Exactly one year later, while thru-hiking the Colorado Trail, I had my first experience with what I like to call "shoe extinction". The Montrail company had been recently purchased by Columbia, and the design and quality of my 'favorite' trail shoe, The Hardrock, changed drastically. After just a few hundred miles on the CT, I started experiencing major problems with my new pair of Hardrocks, leading to significant foot bruising and abrasion. For an entire day on the hike, I had to hike on-and-off wearing my Waldies (foam crocs). I was annoyed that such a great shoe had so quickly become effectively unwearable.

One Hardrock, one Waldie (croc)

I didn't want to give up completely on Montrail as they had been so good to me, so when I finally ran my first trail ultra (The 2008 Vermont 50), I went with a pair of Montrail "Continental Divide" shoes. Just as with the Hardrocks on the CT, the "Continental Divides" ended up rubbing my ankles raw at around the 35-mile mark. I still finished, but just about gave up on Montrail after that. I did ultimately end up giving Montrail one final try on my 2010 PCT hike, with a pair of their "AT Plus" shoes. They were supposedly designed with a thru hiker in mind. But..they too also failed miserably, and came apart after just a few weeks of hiking. Below is what I wrote on my PCT journal about the AT Plus shoes. It's a bit harsh, but really reflects my frustration and disappointment. True to my statement, I have not worn a Montrail since taking off the AT Plus shoes 10 years ago.

"The Montrail AT Plus. I so wanted to believe in Montrail again.  Desperately.  The 'Hardrocks' were my chariots on my AT hike. In a last attempt, I logged on to in March and noticed that there was a brand new shoe out:  the AT Plus.  Montrail stated on their website, "You complained, and we listened".  The AT Plus was supposed to be Montrail getting back to their days of "well designed shoes" and be a solid replacement to the Hardrock that lived up to the reputation of its good ol' days.  Thousands of people complained to Montrail that their shoes had gone down hill, and they responded with a new and improved shoe line.  I had hope again!  I bit the bullet and bought the $110 pair of shoes, and stowed them away as my "Sierra Shoes".  They were tougher and sturdier than the Brooks Cascadias, and would make for great mountain shoes.   Long story short....they were CRAP.  Within the first 100 miles, they began falling apart.  Both shoes.  Seams started coming undone, tread starting coming off, and I started getting friction spots and sore feet.  Add to that the fact that they drain horribly, and I was walking over 500 miles on some of the toughest trail, in TERRIBLE footwear.  I can't stress this enough....these shoes are GARBAGE.  Every other hiker that I ran into wearing these I asked about their experience....and they all had similar ones.  Shoes falling apart, making their feet sore...etc.  Sorry Montrail, but you've lost me as a customer for life.  I really wanted to believe that you had come back to your old ways, but you haven't.  Good luck in the future."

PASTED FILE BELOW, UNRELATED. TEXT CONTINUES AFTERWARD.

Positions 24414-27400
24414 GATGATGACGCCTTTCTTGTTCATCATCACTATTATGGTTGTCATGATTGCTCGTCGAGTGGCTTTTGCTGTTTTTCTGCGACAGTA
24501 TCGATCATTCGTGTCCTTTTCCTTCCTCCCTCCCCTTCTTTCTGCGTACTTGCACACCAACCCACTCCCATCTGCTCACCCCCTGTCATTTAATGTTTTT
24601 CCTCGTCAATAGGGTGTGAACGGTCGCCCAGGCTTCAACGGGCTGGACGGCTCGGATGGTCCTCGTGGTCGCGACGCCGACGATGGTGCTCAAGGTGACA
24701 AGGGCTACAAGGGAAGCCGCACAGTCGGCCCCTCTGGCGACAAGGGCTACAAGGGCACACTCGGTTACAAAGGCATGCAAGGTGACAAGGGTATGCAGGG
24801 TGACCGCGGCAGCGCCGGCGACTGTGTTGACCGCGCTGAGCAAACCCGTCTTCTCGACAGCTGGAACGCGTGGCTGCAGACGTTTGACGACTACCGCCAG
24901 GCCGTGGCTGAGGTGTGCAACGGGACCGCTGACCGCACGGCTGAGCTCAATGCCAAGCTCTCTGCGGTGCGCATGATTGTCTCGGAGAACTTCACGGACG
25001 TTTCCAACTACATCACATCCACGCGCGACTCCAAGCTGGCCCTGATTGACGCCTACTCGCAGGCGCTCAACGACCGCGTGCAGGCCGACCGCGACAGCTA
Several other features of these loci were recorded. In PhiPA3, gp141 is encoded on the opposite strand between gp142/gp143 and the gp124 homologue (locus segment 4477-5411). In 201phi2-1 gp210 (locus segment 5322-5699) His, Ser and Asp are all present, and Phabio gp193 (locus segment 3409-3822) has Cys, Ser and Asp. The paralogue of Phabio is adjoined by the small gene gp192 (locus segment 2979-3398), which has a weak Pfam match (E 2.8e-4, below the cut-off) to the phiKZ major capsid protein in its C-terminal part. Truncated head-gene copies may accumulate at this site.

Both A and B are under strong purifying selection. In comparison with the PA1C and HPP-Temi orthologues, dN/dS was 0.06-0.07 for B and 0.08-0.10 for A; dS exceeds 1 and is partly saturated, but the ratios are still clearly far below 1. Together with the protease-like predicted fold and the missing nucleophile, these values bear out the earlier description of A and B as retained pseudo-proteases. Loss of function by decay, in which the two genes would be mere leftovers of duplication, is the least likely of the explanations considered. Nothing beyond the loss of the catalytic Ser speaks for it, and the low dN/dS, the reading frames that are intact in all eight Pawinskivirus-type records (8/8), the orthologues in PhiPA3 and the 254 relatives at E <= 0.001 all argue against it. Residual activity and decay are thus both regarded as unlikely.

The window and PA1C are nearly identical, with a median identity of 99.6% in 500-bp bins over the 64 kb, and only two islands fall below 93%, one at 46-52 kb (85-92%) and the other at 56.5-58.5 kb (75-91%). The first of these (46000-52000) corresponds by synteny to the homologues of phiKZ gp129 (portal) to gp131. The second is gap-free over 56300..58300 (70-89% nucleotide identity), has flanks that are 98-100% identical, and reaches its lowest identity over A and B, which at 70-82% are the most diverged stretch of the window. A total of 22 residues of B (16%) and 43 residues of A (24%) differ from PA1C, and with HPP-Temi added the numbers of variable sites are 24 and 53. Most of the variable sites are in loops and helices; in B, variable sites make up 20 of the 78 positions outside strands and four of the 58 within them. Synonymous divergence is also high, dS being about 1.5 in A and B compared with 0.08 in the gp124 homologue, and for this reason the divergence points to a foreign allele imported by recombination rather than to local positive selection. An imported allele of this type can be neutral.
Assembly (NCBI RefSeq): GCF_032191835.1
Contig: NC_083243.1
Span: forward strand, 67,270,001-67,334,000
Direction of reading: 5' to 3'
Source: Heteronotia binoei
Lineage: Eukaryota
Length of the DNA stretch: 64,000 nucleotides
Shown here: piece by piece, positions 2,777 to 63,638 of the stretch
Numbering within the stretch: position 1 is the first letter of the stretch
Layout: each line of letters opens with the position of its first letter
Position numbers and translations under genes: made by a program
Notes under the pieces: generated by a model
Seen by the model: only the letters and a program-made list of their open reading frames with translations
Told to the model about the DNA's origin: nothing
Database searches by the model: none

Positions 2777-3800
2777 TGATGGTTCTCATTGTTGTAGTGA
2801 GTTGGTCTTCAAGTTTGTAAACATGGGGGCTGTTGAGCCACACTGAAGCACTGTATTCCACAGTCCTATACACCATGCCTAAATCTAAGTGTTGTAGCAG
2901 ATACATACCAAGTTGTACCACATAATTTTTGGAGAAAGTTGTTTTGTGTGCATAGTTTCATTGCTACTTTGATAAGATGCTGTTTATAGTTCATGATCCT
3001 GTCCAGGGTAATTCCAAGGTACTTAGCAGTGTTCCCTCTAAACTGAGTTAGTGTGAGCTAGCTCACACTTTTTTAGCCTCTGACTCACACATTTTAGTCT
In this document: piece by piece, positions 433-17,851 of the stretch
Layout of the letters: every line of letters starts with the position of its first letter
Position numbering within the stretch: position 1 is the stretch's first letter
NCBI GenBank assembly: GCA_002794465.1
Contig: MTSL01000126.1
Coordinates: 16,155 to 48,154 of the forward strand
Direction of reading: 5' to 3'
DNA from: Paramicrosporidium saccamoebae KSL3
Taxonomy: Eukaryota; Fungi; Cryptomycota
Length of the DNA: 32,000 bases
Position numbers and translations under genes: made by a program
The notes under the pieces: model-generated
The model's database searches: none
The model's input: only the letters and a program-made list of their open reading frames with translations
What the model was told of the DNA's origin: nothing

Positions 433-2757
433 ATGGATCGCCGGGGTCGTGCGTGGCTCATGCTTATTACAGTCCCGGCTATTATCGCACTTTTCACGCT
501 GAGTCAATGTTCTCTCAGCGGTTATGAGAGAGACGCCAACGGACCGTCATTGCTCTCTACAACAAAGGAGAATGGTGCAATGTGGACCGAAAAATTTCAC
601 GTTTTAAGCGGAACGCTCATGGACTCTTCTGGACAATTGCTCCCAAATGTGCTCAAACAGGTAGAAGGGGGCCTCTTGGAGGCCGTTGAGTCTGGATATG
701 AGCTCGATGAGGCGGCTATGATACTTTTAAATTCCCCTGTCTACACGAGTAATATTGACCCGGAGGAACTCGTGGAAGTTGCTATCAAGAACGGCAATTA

Running in the Montrail "Continental Divides" in 2008

On Mt. Whitney in 2010 wearing my disappointing Montrail AT Plus shoes

Amongst this frustration though, was a source if real hope. Before my PCT thru-hike, I had poked around quickly on some blogs of other middle-of-the-pack runners, and found out what has been good for them. This is when I came across the Brooks Cascadia 5's that I noted above. After an incredibly positive experience with these shoes, I felt that I had finally found a longterm solution to my trail running. My plan was this: I'd continue to wear the Adidas for all of my road or 'junk' training miles, and then use the Cascadias for any trail miles.

And so it was for a while. All was well. I was happy and my feet were happy. But then Brooks released the Cascadia 6 model, and while they worked sufficiently, it was never quite the same. My feet just didn't fit the same, the cushioning on the bottom just wasn't right, and they just weren't as comfortable. I brushed it off and for years continued to use the various iterations of the Cascadias...including for 3 loops of my 2012 Barkley run in Cascadia 7s.

But...what has followed over the years has been an ever evolving, and never-ending quest for the 'right footwear'. I have changed out brands and styles multiple times, experimented with different road and trail shoes, and while sometimes finding a few gems, have never been completely satisfied with my footwear. Allow me to walk though through my 8+ year experiment...

Cascadia 5's still working great in 2011 at the Laurel Highlands 50k

A few months later at the Slacker Half Marathon in Colorado

Sporting the Cascadia 7's at the 2012 Barkley

Cascadia 7's at the 2012 Finger Lakes 50

Cascadia 8s? at the 2012 Leadville 100

Cascadia 8s? at the 2012 Oil Creek 100.

For a short period of time I started experimenting with a few different styles of shoes just to 'see what was out there'. I tried just once playing around with 'minimalist footwear' with a pair of New Balance M100's, only to severely injure my toe on a rock (an injury I still suffer from 9 years later).